Milwaukee to Des Moines and Back: Part Two (Days 3 and 4)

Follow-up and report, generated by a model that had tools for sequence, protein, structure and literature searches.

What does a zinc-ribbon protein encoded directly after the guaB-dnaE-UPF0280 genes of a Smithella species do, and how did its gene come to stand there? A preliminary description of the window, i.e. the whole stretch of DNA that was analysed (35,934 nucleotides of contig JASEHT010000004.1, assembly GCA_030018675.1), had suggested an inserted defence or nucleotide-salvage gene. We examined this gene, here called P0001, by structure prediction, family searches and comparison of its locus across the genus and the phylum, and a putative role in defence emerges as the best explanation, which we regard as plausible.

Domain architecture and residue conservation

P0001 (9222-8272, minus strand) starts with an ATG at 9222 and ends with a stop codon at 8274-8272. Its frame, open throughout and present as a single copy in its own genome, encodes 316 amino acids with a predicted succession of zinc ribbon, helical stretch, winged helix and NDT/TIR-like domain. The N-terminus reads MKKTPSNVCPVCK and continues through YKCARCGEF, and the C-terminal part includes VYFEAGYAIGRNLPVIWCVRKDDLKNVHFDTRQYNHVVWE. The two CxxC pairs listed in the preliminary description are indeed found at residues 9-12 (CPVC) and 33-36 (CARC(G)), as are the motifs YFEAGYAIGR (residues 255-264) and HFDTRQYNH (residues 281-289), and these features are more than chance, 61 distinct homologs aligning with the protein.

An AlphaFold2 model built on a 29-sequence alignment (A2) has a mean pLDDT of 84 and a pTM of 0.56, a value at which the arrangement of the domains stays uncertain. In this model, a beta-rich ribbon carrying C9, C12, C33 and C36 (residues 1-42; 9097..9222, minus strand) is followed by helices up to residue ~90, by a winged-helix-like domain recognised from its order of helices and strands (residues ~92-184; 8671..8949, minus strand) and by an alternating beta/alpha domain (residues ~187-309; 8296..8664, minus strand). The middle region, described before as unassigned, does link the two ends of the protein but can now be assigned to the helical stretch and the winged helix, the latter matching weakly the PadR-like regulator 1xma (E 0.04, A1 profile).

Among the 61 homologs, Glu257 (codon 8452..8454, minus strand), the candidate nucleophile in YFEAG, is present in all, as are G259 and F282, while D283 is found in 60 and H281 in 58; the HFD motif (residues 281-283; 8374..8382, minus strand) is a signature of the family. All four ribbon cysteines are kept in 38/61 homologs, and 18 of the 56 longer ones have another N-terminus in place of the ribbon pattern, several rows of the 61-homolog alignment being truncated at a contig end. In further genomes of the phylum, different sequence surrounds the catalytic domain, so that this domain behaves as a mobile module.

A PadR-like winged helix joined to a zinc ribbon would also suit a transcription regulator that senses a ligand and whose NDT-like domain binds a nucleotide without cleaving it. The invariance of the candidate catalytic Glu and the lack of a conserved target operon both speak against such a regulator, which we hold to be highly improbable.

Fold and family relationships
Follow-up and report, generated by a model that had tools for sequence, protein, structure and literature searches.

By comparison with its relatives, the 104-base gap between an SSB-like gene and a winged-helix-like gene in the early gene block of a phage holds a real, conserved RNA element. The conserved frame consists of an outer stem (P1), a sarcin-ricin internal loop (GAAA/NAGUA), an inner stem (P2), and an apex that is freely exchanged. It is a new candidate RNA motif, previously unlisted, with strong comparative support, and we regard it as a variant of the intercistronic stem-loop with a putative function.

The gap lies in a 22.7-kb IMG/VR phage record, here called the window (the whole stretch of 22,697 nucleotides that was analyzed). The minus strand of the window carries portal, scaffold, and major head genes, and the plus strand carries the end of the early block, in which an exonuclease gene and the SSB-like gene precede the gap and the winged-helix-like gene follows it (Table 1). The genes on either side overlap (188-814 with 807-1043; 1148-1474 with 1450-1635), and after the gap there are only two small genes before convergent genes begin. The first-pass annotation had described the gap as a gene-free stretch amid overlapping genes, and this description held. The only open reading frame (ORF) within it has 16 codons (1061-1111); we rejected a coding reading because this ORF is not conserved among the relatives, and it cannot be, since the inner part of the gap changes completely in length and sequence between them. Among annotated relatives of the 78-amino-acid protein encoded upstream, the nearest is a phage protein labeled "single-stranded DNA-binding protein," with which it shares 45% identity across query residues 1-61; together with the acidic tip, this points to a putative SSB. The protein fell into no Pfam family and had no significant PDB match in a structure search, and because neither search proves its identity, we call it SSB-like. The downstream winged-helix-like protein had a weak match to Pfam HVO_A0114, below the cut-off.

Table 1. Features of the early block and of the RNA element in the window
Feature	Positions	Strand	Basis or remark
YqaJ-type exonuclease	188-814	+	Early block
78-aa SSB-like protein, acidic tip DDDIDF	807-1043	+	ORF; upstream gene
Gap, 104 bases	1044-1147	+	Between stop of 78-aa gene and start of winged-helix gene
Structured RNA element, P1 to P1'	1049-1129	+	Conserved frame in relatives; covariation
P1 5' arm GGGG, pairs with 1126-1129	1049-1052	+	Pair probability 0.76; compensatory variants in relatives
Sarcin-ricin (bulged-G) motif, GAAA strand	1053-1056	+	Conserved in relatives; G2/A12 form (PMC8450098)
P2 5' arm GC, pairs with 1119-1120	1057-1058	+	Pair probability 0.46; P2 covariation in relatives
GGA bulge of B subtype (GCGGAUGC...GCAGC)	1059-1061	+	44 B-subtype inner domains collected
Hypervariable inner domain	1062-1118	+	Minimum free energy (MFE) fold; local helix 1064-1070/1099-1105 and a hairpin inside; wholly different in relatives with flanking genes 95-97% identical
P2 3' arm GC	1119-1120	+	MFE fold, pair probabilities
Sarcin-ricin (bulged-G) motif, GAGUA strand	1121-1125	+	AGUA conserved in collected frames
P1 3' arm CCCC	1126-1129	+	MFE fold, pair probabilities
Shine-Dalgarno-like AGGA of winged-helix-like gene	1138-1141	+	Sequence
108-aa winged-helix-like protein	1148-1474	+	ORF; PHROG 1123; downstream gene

This is a continuation of the thread "Milwaukee to Des Moines and Back: Part One (Days 1 and 2)" Day Three: Saturday, May 9, 2009 After two days on the road, I was finally in Des Moines. My plan for the morning was to visit the State Capitol, but in order to gear up properly, I had breakfast at Donut King, a locally beloved and family-run donut shop in West Des Moines (220 Grand Ave.): When I got there (mid-morning) the donuts had been pretty well picked over, but Shawn (whose father runs the store and makes the donuts) convinced me to have the last remaining toasted coconut donut: This donut was light-textured and delicious (not too sweet), and the blueberry donut I had afterward was no slouch, either. The Donut King does a brisk business, and it’s a place with lots of devoted regulars. And the vintage décor inside makes for a fun experience: After visiting the lovely Capitol downtown, I headed south of the city for Medora Prairie, a small swath of prairie protected by the Nature Conservancy. Entry into the preserve is restricted, but an adjacent road allows for ample viewing of tallgrass prairie and the creatures that inhabit it. As the afternoon unfolded, I decided to find lunch at a nearby town. In Osceola I wound up at Redman’s, a locally popular spot for typical breakfast and lunch fare. A couple leaving the restaurant recommended the Rarebit which, as it turns out, was a really good, grilled burger in a soft bun….with store-bought cheese sauce poured on top…. I wish I had ordered something else: I like melted cheese, but I’m not a fan of melted “cheese product.” Oh well…. Some more driving around led me to the town of Chariton, and when I got to the town square I noticed this little gem: Behind all of the scaffolding is Piper’s, a cute little grocery, candy, antique, and bric-a-brac store that’s been in operation at that location (NE Corner of Square) since 1905. (The business began nearby in 1903.) Though Jill, the proprietor, is not a Piper, she is originally from Chariton; her parents acquired the store after the death of Bob Piper in 1987. After leaving town and living in different parts of the country for many years, she returned to Chariton, took charge of the store as her parents retired, and now has a lovely business. There’s a small and quirky variety of groceries available, and if you’re looking for local pottery or some random antiques, she has those, too. But the strong suit here is candy: This is some of the freshest and most flavorful candy I’ve had in a long time: turtles, toffee, caramels, clusters, and fudge. The afternoon was starting to give way to evening, so I drove back toward Des Moines and rested at the hotel a bit. Soon enough, I was kind of hungry. I was feeling a bit burned out on heavy meats, though, so I decided to try the food at A Dong (1511 High St.), a highly praised Vietnamese restaurant near downtown: I was craving greens, so ordered some vegetable soup. I was also craving something light and spicy, so I had Quail with Lemongrass: Both dishes really hit the spot, but the idea of dessert was hard to resist. I tried Baudmer’s once again (no luck), but that’s okay because thanks to Brad’s I.O.W.A. report, I knew Snookie’s (1810 Beaver Ave.) was waiting: This is a delightful place, and it’s very popular with neighborhood people. The place has been an ice cream parlor and stand since the 1950s, but it’s been Snookie’s since the mid-1980s. I thoroughly enjoyed this chocolate malt: And that malt was my nightcap. I hauled myself back to the hotel and slept very well. Day Four: Sunday, May 10, 2009 This was a long day, as I drove back to Milwaukee from Des Moines. However, I still managed to squeeze in a few stops. I took some backroads to Marshalltown, where I hoped to try a Maid-Rite at Taylor’s. Unfortunately for me, Taylor’s was closed for Mothers Day! I had been holding out for Taylor’s specifically to try their Maid-Rite, but…out of luck. And I didn’t get a chance later in the day to try a Maid-Rite elsewhere, so I guess I’ll have to take care of that on my next visit to Iowa. My Plan B was a stop at Cecil’s in south Marshalltown (intersection of Hwy 30 and 14), and that was largely successful. Cecil’s was open, but only for an hour longer (they were closing early for Mothers Day), and they were only serving breakfast (I was hoping for a farewell BPT). But so be it: I had pancakes, poached eggs, and bacon. A good way to start the day: After breakfast, I pointed myself in the direction of the Badger State and started to drive. I enjoyed the backroads scenery, and after a while I entered Dubuque. What an intriguing city! I drove around the railyards a bit, scouted out the handsome downtown area, and managed to drive up to the bluffs for a good view of the lay of the land. I hope to go back someday and explore some more. Soon enough, I was on Wisconsin State Highway 11 heading east, and after finding that a few places on my list were closed, I stopped at Roelli near Shullsburg (15985 State Hwy 11) for some cheese: There’s a lot to choose from-- I bought a block of horseradish Havarti. As the afternoon wore on, I found myself in South Beloit, in search of Miss Vicky’s BBQ (722 S. Blackhawk Blvd.). I passed by a couple of other BBQ places and thought maybe Miss Vicky’s had since changed hands, and after a couple of minutes of driving I decided to pull into a gas station to get help. Well, Miss Vicky’s was right there: Fortunately, I arrived right before a thick stream of customers, so I got a table and placed my order. They were out of hot links, so I got a combo of ribs, beef tips, and “whole hog” (roast and pulled pork): The meal was delicious. The pork and tips had subtle smoke, and the ribs were quite smoky. The sauce was milder than the sauce at Jim’s Rib Haven (in Rock Island, earlier in the trip), but still very tasty. I chatted a bit with Miss Vicky; she’s very friendly. I asked her about the different spellings of her (and her restaurant’s) name—she says “Vicky” is the official spelling, but she prefers “Vikky.” Her sister was at another table with a group of friends, and they recommend the Soul Food menu, offered only on Sundays. I have a feeling I may just drive down one Sunday and try it. Just a couple of hours later, I was back in Milwaukee, unloading edible and drinkable souvenirs (some Iowa wine) from my four-day journey. Too bad I had to work the following day—I was exhausted!